Walking safaris are safaris where you’re walking or hiking rather than riding in a jeep or bus. They may last two hours or two weeks. Either way, they let you get up close to nature. You may get much closer to the animals since they’re not scared away by motor noise. You’ll also hear the birds and other animals whose sounds are drowned out by the roar of an engine. Here are Africa’s top walking safari destinations.
Madagascar’s Lemur Tours
Lemurs are only found in Madagascar. And these animals are best seen on walking tours, because they’re spooked by loud noises like the modern car motor. Groups like NatureTrek can take you on daytime and night time walks through the rain forest, so that you can see the many different species of lemurs found in this corner of the world. A side benefit of going on these tours is that you’re helping to fund local employment and protection of these unique animals.
These hikes also give you the opportunity to see endemic birds and plants found nowhere else on Earth.
South Luangwa, Zambia
The Luangwa River runs through one of the world’s greatest wildlife sanctuaries. Animals flock to the river and the surrounding oxbow lakes. The rich area attracts animals during the dry season; that runs from May to November. You will typically stay in fully serviced mobile camps. That allows you to stay in national parks that don’t allow for permanent camps.
Why do people choose to go to Luangwa? Because it has one of the largest leopard populations in the world. Others choose it because it offers the small, intimate safari camps that are what safaris used to be like, before large-scale tourism and motor vehicles became the norm. This is especially true if you opt for North Luangwa National Park over South Luangwa, because there are no permanent lodges in the northern park. And there are very few safari operators allowed to conduct walking safaris. It is truly unique experience, though it will be light on the land and is perfect for environmentalists.
Kruger National Park, South Africa
Kruger is one of the most accessible and most affordable of Africa’s game reserves. There are multiple three day trail hikes offered by South Africa’s National Park authority, Sanpark. Expect to cover twenty kilometers or twelve miles in a day. You’ll stay in base camps that have basic beds, showers and flush toilets. Depending on the trail you pick, you could see elephants or Bushman rock paintings. And you will have to walk, because most of it is not accessible to vehicles. Shorter hikes and guided tours are perfect for families. Since Kruger National Park has a number of traditional safari options, as well, you can combine traditional game drives with walking safaris. Enjoy the wilderness at your own pace.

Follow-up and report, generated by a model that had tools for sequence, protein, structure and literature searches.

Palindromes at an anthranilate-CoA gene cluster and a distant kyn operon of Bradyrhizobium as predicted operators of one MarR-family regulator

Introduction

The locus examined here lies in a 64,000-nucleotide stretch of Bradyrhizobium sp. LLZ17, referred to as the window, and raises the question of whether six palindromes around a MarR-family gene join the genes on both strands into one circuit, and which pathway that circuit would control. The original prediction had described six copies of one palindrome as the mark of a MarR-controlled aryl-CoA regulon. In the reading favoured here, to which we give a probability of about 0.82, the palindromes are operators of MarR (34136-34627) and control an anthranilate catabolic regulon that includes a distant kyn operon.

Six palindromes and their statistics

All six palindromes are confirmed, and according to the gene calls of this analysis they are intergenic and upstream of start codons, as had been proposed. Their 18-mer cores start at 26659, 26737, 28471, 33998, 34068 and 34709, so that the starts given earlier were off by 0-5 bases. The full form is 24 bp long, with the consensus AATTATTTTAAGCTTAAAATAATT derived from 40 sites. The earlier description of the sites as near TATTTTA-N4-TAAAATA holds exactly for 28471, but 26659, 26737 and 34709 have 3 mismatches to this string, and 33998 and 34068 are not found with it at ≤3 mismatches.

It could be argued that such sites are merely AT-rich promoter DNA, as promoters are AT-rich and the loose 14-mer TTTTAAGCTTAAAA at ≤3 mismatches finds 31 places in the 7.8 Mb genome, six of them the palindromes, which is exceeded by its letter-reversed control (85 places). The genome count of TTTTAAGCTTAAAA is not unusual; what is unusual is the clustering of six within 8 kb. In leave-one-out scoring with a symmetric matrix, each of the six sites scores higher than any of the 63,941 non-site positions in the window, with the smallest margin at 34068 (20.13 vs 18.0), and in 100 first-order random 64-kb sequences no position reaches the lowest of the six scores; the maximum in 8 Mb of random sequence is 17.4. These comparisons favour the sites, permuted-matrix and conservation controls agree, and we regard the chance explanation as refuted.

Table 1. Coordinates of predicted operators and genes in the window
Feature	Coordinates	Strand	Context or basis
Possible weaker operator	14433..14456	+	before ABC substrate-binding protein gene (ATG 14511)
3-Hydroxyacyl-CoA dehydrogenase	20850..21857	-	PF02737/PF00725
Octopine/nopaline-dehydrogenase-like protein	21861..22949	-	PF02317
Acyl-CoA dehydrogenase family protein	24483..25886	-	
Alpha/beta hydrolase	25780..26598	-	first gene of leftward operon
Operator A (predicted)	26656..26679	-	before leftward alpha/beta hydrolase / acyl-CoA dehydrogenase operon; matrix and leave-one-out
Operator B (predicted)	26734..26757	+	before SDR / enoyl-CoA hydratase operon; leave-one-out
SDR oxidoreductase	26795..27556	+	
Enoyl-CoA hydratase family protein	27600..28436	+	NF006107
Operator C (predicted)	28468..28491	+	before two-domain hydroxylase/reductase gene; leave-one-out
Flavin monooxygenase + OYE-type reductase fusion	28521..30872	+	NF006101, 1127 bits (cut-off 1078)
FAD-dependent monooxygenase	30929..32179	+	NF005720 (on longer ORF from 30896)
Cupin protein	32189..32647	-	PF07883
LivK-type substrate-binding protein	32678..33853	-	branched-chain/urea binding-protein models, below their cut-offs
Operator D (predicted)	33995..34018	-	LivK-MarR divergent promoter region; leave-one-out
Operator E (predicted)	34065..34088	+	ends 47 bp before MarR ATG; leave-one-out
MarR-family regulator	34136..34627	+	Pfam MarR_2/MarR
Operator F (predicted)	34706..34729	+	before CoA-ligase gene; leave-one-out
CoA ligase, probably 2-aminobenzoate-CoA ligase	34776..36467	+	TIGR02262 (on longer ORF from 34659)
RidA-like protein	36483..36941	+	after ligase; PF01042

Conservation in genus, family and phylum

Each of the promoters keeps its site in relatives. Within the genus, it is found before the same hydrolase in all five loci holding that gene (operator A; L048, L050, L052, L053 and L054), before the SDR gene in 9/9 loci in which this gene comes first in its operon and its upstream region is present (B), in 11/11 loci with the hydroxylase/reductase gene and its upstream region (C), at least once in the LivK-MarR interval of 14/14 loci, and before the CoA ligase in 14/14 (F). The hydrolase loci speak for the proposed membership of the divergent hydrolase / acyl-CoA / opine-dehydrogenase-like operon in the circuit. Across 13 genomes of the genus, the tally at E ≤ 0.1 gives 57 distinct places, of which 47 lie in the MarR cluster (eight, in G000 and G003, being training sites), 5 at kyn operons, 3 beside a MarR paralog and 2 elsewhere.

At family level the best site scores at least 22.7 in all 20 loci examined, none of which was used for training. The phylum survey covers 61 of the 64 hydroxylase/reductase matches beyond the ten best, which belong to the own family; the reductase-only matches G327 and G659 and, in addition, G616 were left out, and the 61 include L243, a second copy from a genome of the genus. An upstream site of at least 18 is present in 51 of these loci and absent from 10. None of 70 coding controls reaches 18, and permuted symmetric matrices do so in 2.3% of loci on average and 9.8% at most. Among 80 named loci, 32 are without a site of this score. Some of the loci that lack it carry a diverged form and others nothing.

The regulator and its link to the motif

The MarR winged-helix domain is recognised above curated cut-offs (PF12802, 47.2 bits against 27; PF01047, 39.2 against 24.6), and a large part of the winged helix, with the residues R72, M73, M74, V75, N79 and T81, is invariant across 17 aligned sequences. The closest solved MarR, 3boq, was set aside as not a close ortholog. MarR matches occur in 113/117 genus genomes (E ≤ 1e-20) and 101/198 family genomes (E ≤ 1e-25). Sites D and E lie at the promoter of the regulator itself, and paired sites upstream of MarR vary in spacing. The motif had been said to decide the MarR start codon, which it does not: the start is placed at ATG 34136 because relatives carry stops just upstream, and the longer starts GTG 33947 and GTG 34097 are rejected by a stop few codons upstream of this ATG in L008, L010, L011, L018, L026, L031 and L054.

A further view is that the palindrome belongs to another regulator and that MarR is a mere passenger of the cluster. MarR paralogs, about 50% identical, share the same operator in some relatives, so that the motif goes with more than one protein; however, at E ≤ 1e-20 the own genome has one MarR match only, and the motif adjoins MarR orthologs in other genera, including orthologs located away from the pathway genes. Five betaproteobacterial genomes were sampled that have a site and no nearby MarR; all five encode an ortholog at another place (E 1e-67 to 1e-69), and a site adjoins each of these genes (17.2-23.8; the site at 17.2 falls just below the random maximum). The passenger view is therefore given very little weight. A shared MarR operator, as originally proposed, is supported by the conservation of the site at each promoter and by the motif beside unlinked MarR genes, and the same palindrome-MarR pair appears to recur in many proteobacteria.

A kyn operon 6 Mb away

iMfolzi / Umfolozi Wilderness, South Africa
The Umfolozi Wilderness is the better choice if you want to really rough it. That’s the price you pay for getting so close to rhinos. This is where the southern white rhino was saved from extinction. Both black and white rhinos are found here.
Chief’s Island, Okavango, Botswana
The Okavango is a mixture of water, land and swamp. It is a rich inland delta that shelters a diverse array of wildlife. The area is almost impossible for vehicles to navigate, because Chief’s Island is the only large piece of permanently dry land in the area. That’s why walking tours are one of the only ways you can visit it.
Walking is only part of the journey, since you’d also have to travel by boat for much of the way. People typically stay at mobile camps set along the trail, while guides help them walk or take them in dugout canoes through the water.
One benefit of this location is that it hosts a large number of animals year-round. That makes it a good choice if you want to go on safari on your schedule instead of waiting for the dry season. It is also one of the top birding destinations in the world. It is worth including in our list because it is one of the few that may allow you to see cheetahs in the wild. Leopards, lions, and wild dogs are periodically seen in the area, as well.
Maasai Mara, Kenya
The Maasai are famous for their dances and their life on the savannah. They should be better known for their bush walks or walking safaris. Local Maasai warriors will teach you about local wildlife. Depending on the tour, you may learn basic bush survival skills, as well. These safaris typically come with an introduction to authentic Maasai culture, as well.
These walking safaris may or may not take you into Tarangire National Park, since it is located in the heard of Masailand. The attraction of this area is its similarity to the Serengeti. Either way, you’ll want to visit between July and November, when it is dry.
Ruaha National Park, Tanzania
Ruaha is the largest national park in Tanzania, though it isn’t as well-known as some of the other parks on our list. Its claim to fame is having the highest concentration of elephants in East Africa. Furthermore, it is one of the last refuges for the African wild dog. If you are into birding, there are almost six hundred species of birds here. Walking safaris are a good way to immerse yourself in this landscape.
Selous Game Reserve, Tanzania
This game reserve is located in southern Tanzania. It covers 19,000 square miles or 50,000 square kilometers, making it the largest game reserve in the world. Almost every African mammal you’ve heard of is found here, though their numbers vary. It is home to around thirty thousand elephants and more than two hundred buffalo. Wild dogs and black rhinos can be found here, though they’re rare. Walking tours are some of the best ways to see them, because many of these animals flee vehicles.
Walking safaris tend to operate out of base camps, and they’re usually traditional safaris with porters carrying gear rather than stays at luxury permanent camps. You can find operators who will let you go on a longer walk of two to three weeks.